As I exited the water, I ran into T1, changed into my bike stuff, found my bike, oh dear the chain was hanging off…. It had obviously been knocked as someone had taken their bike. I managed to get it back on and off I went. I had been looking forward to the bike the most in the build-up. The course was 2 laps and started off flat before taking on some climbs in some of the most stunning and picturesque scenery I have seen. Unfortunately for me, I just couldn’t settle into my usual zone and I quickly became very uncomfortable. I was struggling to stay aero as my chest felt restricted and my neck was very tense. This wasn’t going to plan. The support on the course was fantastic – especially on Heartbreak Hill which was like cycling through a section of the Tour de France. It was also where my hubby was giving me a much needed boost. As I entered onto the second lap the temperature was rising (35 degrees); and it became more of a mental battle than physical. I felt nauseous and was having to force nutrition down to try and stick to the plan. The next couple of hours were brutal and after 6 hours and 18 minutes on the bike I made it back to T2 feeling pretty awful
I am not 100% sure what took so long but after 8 minutes in T2 I set off for the marathon. Up until recently the run has always been my favourite and strongest discipline. This was not the case today. Every time I ran I felt sick, not helped at all by the heat. The support at the aid stations was superb and they were 100% geared up for the blistering temperatures giving out ice and cold sponges. Despite this, my body had different ideas and I was sick every few minutes making it very difficult to settle into any rhythm. I knew now it was going to be a very long afternoon, but there was no way I was giving up – I needed to revert to a different strategy. Walking in a race was alien to me but I knew that I had to find some strategy to get me round, so I settled into running for as long as could and then walking for 3 minutes (whilst throwing up)! Eventually I made it round the first of the 4 laps which rather cruelly takes you past the red carpet and the finish line. Seeing that and the atmosphere at the end gave me the motivation to keep going. My husband was incredible on the run and kept surprising me by appearing in places which kept me going. Finally after a very long and painful few hours I made it to lap 4 and the end was in sight.. Off I set for my final lap of Zurich… the last couple of kms felt like they took forever but in the distance I could hear the finish line music and being able to collect my fourth band was an amazing feeling. I managed to run the last few km’s and as I entered into the finish shoot the emotions came flooding in. I saw my hubby in the crowd and heard those famous words – Leanne James – YOU ARE AN IRONMAN.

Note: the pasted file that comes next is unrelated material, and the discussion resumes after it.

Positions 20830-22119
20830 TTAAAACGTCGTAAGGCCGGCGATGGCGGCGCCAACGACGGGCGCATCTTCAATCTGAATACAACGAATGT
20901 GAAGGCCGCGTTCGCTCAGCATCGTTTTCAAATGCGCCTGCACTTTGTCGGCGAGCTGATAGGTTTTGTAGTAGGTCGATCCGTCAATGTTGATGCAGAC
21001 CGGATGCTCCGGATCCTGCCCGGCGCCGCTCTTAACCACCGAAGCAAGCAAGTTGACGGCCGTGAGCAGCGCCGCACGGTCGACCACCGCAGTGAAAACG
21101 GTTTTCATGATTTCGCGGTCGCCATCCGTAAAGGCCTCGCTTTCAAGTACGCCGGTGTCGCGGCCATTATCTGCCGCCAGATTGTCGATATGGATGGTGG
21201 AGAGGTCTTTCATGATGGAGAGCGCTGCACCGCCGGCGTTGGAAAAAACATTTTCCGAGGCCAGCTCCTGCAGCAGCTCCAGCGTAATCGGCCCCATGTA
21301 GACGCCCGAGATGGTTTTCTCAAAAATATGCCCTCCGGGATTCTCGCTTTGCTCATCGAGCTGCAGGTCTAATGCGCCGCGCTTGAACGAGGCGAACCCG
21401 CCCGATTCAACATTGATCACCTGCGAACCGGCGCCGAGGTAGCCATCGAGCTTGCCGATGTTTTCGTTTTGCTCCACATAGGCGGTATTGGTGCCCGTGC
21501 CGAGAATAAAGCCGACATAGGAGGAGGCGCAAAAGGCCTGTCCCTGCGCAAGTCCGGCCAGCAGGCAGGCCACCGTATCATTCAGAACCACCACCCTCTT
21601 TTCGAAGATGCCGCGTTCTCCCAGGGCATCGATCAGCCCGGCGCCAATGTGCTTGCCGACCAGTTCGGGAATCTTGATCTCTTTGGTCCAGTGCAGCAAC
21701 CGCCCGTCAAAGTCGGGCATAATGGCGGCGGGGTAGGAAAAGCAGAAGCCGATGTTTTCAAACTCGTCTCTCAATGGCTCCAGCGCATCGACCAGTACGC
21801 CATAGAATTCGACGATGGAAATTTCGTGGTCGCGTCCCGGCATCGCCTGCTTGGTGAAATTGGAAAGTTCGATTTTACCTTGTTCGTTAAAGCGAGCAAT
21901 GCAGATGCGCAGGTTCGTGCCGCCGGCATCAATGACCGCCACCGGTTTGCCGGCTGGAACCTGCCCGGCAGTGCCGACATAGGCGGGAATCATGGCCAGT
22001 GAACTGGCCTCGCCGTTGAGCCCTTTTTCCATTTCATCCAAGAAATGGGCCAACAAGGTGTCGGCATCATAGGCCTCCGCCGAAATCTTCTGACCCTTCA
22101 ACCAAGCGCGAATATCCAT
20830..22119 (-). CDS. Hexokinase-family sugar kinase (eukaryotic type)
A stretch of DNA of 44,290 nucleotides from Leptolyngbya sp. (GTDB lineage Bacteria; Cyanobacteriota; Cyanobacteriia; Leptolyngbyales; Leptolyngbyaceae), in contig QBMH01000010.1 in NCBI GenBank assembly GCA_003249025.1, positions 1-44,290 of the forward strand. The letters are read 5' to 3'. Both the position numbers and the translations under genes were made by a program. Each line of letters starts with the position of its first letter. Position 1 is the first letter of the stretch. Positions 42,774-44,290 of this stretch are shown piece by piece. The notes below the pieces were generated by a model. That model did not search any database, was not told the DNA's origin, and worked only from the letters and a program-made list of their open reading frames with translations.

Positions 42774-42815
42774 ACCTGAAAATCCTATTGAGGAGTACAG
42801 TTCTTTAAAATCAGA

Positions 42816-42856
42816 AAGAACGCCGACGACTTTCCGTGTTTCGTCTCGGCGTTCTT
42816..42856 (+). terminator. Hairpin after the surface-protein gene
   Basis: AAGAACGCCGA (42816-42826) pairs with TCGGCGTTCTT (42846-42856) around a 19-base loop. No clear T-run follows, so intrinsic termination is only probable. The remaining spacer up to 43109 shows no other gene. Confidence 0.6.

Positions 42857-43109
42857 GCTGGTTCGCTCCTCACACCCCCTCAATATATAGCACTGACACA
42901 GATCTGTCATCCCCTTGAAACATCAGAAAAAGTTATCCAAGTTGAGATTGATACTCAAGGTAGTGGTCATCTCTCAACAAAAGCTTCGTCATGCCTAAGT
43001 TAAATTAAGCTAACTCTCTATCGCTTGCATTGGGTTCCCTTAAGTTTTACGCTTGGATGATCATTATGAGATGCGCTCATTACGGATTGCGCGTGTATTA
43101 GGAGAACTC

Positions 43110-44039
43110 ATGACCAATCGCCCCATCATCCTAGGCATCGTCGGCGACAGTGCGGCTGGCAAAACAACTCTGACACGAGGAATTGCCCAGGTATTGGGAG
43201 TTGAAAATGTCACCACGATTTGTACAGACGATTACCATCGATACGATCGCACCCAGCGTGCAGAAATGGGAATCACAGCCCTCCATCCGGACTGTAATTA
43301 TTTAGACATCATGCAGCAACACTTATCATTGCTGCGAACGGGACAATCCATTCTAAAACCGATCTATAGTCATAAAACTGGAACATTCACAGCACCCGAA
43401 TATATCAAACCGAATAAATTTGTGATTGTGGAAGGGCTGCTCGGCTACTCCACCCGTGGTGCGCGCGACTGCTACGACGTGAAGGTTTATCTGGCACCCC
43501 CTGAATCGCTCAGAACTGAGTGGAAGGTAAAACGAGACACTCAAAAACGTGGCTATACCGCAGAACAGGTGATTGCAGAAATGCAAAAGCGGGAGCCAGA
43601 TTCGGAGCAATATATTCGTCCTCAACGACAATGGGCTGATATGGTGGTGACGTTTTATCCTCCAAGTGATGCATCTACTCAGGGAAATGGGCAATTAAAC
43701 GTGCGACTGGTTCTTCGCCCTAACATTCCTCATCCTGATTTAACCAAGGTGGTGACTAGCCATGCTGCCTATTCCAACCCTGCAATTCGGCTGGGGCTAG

I had made it, finishing in 13.32 hours. It was a long way from where I had hoped to finish but I didn’t care. I burst into tears as I met hubby while the events of the day sank in. We then enjoyed the finish line party and it was extremely emotional watching everyone finish their race… all with their own stories and experiences.
A couple of weeks on it has been great spending time with family and friends with only light training before starting the next block on build up to IM Weymouth 70.3 and also the ETU Duathlon Championships in Ibiza.